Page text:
Pirates do play fair!
Living in France, there is no way to legally watch rugby world cup, because no television operating in France has purchased the rights to air it. What if you happen to be a huge rugby fan? Move to Australia or New Zealand? Many people take a shortcut — they find streaming online (free of charge or paid) and just enjoy their favorite sports. Often times, the source where they purchased the streaming service is not authorized in a sense that the service provider did not purchase the rights to air this particular sports content in this country (possibly: did not purchase any rights at all). The same way, if one watches football match in a pub, one asks not if the pub owner purchased a commercial license or a private one, although in the case of the latter, intellectual property rights are violated. This mechanism is tacit knowledge for most sports fans. Yet, they still watch sports in pubs and in streaming and ask little questions to „service providers”. Do sports fans have somehow damaged morality?
We used the opportunity of a large sports event — world championship in volleyball. This event was not aired on analogue television. Fans had to purchase a digital television access with a decoding device for the whole year to be able to follow the two weeks of the games. Many fans preferred alternative, unauthorized arrangements. Moreover, national team gradually performed well, qualifying for the quarterfinals and eventually semi-finals. We used this period to perform a large scale field vignette experiment among casual and dedicated sports fans. The vignette focused on whether or not generating proceeds from the unauthorized distribution in off-line and online context. We find that that ethical judgment is the same between offline and online opportunities. Our paper was published by Behaviour and Information Technology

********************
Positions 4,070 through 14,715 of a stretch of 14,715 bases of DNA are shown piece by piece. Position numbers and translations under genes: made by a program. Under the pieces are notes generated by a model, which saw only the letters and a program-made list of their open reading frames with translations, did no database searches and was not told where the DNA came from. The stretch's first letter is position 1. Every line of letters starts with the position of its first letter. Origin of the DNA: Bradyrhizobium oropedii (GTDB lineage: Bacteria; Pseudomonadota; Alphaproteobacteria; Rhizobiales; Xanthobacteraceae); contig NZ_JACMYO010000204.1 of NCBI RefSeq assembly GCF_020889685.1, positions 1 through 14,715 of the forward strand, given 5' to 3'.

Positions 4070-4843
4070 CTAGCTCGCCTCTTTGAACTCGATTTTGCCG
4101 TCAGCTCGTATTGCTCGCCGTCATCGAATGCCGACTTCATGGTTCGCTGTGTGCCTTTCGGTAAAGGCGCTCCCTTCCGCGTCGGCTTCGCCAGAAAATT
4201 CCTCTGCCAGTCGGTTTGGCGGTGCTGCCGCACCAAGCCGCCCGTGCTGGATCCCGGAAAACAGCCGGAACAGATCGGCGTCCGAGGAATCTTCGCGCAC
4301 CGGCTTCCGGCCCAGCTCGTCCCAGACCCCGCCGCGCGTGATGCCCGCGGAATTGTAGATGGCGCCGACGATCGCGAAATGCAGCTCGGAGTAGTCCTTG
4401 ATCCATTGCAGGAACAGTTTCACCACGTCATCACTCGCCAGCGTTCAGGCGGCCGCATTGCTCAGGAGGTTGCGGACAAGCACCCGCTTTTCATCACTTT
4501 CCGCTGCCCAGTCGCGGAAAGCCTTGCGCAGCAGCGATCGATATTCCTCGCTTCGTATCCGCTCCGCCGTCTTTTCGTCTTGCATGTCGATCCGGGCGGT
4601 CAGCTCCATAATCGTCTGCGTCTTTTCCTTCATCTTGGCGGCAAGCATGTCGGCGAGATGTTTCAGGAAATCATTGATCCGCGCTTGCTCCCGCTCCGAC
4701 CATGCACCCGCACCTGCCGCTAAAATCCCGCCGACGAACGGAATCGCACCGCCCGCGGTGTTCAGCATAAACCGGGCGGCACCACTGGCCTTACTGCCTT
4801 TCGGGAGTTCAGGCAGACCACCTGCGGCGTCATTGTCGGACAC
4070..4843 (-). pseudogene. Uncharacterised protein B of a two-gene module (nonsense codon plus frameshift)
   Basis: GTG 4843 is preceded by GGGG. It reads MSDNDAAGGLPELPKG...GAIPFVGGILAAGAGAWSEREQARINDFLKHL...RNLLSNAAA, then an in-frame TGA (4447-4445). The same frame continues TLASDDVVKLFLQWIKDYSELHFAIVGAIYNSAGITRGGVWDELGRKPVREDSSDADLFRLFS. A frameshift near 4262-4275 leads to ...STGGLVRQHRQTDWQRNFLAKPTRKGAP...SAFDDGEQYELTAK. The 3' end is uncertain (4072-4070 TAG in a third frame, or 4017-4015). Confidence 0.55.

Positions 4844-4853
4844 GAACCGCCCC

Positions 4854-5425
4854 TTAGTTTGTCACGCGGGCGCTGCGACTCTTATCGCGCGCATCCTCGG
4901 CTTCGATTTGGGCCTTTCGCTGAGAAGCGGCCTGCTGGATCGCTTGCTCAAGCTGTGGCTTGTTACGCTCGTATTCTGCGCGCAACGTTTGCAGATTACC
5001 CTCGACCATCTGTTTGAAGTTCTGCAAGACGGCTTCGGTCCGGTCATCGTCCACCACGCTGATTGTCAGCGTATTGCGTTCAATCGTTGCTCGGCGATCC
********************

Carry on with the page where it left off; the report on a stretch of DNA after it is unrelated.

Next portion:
Michał Krawczyk, Joanna Tyrowicz, Anna Kukla-Gryz & Wojciech Hardy
Do pirates play fair? Testing copyright awareness of sports viewers
Ethical norms are believed to be followed more loosely on the Internet than in the ‘real world'. This proposition is often evoked to explain the prevalence of so-called digital piracy. In this study, we provide evidence from a vignette experiment that contradicts this claim. Analysing the case of sports broadcast, we compare explicitly the ethical judgement of legal and illegal sharing in the offline and online contexts. We find that the norms concerning legality, availability of alternatives and deriving material benefits from sharing content do not differ substantially between the virtual and real worlds. We also test explicitly for the role of legal awareness and find that emphasising what is prohibited (copyright infringement) is less effective than focusing on what is permitted (fair use) in reducing the disparity between legal and ethical norms.